EHS Today - April 2014
By: Terry L. Mathis
Distracted driving is currently one of the major causes of accidents. What is even more alarming is that, while almost all other categories of accidents are decreasing, distracted driving accident rates are still on the rise. Although cell phones are responsible for a large percentage of such accidents, they are not the only contributory factor. Longer commutes in cities and more travel hours in work settings further complicate the issue. Many organizations attempt to address the issues with either new policies or new training, or a combination of the two.
The policy approach to reducing distracted driving almost always involves limiting or forbidding cell-phone use while driving on the job. These policies have proven to be effective, but not sufficient enough to prevent this class of accidents. The limitations largely fall into two categories: 1) workers still use phones while driving off the job, and 2) limiting cell-phone use does not address other distractions of driving.
While most of the distracted-driving training is well conceived, it is not necessarily memorable. The focus seems to have been on presentation rather than retention. If the concepts do not stick in people's minds, they will not find root in their safety habits. For this reason, consider adopting the acronym ACE and using it to make distracted driving concepts stick.
The 'A' of ACE stands for "Attention." Many training modules for distracted driving refers to this category of distraction with terms such as "conscious", "cognitive" or "mental". While such terms are technically accurate, they are neither memorable nor prescriptive. Avoiding such distractions requires paying attention to your driving. Anything that distracts your attention from your driving compromises your safety. Phone conversations, even on hands-free devices, diverts driver attention. Likewise, so do conversations with passengers, listening to recorded materials that require mental activity, or simply letting your mind drift deeply into non-driving thoughts. The first step of being a driving ACE is to maintain your attention on your driving.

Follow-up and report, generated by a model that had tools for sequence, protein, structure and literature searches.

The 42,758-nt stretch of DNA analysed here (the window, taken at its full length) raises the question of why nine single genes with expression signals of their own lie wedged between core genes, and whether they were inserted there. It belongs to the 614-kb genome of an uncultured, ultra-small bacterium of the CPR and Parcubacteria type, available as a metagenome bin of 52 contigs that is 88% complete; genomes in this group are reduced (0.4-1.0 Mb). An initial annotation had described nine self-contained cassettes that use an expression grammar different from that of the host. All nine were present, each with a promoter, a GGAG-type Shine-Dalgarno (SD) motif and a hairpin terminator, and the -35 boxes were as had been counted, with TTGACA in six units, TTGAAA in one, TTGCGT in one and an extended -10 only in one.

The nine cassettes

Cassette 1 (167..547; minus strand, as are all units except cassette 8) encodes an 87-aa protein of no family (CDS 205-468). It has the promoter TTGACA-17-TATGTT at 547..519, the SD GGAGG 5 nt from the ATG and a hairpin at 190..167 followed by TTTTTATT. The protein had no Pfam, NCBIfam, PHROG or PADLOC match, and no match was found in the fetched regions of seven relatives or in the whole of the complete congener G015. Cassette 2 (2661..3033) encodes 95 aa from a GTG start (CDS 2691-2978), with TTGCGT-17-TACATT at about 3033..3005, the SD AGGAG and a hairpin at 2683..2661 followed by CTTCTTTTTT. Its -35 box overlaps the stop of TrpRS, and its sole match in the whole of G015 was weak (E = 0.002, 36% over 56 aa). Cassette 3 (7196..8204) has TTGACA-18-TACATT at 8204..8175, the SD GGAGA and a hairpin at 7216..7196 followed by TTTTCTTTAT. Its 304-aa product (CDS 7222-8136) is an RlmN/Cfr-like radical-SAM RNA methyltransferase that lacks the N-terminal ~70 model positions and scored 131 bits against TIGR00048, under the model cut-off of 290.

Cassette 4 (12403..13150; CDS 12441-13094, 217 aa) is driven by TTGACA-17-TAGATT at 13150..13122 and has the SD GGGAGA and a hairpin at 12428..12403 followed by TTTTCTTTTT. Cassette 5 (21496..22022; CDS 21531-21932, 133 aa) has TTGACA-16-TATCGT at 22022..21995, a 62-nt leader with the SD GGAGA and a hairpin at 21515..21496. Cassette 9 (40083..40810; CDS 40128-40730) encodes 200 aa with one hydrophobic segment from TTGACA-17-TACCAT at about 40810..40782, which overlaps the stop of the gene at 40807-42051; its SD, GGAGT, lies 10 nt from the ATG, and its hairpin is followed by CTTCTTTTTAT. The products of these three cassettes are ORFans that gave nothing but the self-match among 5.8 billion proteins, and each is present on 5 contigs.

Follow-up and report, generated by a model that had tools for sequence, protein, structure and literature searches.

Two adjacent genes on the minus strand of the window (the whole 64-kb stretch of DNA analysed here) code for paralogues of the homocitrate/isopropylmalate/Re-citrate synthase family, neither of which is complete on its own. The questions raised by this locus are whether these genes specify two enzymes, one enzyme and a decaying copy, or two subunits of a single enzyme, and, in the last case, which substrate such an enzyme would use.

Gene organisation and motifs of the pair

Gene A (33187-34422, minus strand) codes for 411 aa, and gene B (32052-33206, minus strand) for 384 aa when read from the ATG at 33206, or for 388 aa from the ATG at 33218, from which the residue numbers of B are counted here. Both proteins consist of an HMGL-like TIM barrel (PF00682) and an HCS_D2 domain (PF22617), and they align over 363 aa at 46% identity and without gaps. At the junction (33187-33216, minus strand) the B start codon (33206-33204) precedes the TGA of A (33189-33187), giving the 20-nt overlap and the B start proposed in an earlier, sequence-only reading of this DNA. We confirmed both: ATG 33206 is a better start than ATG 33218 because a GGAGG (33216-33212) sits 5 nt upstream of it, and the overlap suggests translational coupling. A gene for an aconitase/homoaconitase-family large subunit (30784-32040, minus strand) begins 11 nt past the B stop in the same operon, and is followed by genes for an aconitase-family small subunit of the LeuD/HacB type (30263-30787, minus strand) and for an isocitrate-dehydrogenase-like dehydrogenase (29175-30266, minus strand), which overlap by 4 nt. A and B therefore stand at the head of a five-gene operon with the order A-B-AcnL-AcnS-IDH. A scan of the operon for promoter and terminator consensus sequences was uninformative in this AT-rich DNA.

The 'C' of ACE stands for "Control." Other terminology used for this category is "manual distraction" or "physical distraction" and, again, may be descriptive, but is not prescriptive. Anything that requires a driver to reach may take their hands off the wheel or compromise their ideal driving position. Thinking about such reaching before starting a trip can result in better locating of such things as sunglasses or water bottles that may be needed along the way. Wearing a seatbelt ensures that a driver cannot be easily moved out of the driver's seat in a collision or skid, thus improving control. Setting a cruise control and crossing your legs while driving makes it take more time to break in an emergency and, thus, reduces control. The second step in being a driving ACE is to maintain control of the vehicle and manage issues that could compromise control.